Corwin tells the story of a soldier and his powerful invention in this debut sci-fi novel.
Cmdr. Jason Cody wakes up a prisoner of a terrifying alien enemy, his body dismembered by days of torture and experimentation. His fellow prisoner is a lieutenant, Cat, a woman he’s never met before and whose perfect beauty engenders reflexive suspicion: “It’s almost as if they drilled down into his cerebellum and extracted a virtual woman befitting his every exacting requirement.” However, they have no other choice but to trust each other. Cat manages to spring them from their prison, and Cody restores his body in the regenerative “pus” of their alien captors. It not only regrows his limbs, but also gives him enhanced strength and senses. As he and Cat swap information, he realizes that the team of scientists she was sent to save—the reason for her presence on the remote, dangerous planet of Vixus—didn’t include Cody at all. It turns out that he went missing 100 years earlier after disappearing into a wormhole with his incredible Optical Lasso, an invention that allows its user to see into both the past and future. The story contains two timelines: one set in Cody’s past in the 21st century and the other in his present in the 22nd. Corwin’s narrative voice is snappy and confident, if overly fond of wordplay (a chapter in which Cat battles an alien’s tongue, for example, is titled “Watch Your Tongue, Young Lady”). The structure and tone of the novel brings to mind golden age serialized sci-fi stories, and in staccato chapters, it skips forward one pressurized scene at a time. Cody even speaks in the stylized, expositional manner of a pulp hero: “What’s that noise? Sounds like chains slowly being recoiled by a mechanical device. No—the chains are hooked inside my back!” The characters don’t have much depth, and nothing about the way they speak or act is natural. However, the story’s quick cuts and ever complicating plotline will keep readers entertained.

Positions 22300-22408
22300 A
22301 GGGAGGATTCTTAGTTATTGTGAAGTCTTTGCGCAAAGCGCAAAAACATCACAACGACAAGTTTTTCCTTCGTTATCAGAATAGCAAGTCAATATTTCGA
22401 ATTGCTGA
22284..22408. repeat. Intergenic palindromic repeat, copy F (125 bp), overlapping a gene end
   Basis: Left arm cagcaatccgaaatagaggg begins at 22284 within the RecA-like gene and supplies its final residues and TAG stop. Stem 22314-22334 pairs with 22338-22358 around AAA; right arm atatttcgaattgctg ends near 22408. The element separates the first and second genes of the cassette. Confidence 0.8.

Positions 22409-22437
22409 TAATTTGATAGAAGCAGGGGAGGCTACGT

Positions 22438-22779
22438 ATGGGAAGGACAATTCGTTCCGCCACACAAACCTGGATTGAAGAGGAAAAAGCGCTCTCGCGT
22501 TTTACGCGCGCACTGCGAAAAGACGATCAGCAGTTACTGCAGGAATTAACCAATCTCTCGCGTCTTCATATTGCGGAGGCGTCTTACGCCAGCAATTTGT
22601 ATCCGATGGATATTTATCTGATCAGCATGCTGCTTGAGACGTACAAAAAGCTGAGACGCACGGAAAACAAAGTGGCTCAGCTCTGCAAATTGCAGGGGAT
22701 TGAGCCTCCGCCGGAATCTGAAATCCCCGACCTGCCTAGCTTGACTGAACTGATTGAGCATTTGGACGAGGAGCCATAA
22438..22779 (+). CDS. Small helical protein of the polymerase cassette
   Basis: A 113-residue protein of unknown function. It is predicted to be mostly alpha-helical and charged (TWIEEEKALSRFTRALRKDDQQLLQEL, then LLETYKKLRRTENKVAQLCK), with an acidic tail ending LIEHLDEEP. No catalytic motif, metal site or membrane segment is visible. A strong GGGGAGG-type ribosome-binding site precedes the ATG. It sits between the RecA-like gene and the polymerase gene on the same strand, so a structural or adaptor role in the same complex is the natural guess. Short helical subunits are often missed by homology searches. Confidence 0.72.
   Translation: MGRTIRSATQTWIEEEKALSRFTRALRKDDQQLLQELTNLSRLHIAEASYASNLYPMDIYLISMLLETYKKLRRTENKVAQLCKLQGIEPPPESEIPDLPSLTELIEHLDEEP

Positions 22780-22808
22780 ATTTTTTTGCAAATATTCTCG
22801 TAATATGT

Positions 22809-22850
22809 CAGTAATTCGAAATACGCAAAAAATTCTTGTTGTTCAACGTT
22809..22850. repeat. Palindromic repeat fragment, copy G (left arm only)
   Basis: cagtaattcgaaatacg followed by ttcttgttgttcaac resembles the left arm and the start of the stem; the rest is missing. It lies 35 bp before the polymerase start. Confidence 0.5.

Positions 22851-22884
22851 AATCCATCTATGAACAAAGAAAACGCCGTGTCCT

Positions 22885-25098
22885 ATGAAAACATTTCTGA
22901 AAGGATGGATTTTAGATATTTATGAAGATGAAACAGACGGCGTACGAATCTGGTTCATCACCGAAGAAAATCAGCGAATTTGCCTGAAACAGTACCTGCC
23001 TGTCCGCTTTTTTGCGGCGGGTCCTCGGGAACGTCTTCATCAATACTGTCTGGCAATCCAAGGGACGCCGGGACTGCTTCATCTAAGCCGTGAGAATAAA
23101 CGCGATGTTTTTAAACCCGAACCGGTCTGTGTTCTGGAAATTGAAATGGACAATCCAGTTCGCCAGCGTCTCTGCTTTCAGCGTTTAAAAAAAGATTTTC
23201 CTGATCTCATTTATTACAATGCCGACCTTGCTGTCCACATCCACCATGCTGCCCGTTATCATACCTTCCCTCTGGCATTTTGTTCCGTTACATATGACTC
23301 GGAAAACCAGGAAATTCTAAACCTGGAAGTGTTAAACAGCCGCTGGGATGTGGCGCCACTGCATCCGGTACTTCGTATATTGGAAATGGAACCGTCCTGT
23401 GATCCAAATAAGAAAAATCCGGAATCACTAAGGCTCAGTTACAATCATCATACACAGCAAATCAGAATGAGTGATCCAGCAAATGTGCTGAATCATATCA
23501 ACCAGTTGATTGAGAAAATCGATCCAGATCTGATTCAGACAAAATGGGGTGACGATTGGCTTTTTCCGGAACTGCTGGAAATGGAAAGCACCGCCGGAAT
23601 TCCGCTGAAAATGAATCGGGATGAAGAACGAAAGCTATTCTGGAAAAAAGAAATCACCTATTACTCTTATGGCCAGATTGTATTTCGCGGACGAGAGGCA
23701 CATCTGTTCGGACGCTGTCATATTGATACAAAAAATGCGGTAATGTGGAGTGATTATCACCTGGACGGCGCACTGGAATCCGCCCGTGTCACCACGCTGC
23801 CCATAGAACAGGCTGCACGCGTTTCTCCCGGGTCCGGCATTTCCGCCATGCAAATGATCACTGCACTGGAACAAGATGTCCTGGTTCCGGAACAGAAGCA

A campy but engrossing adventure.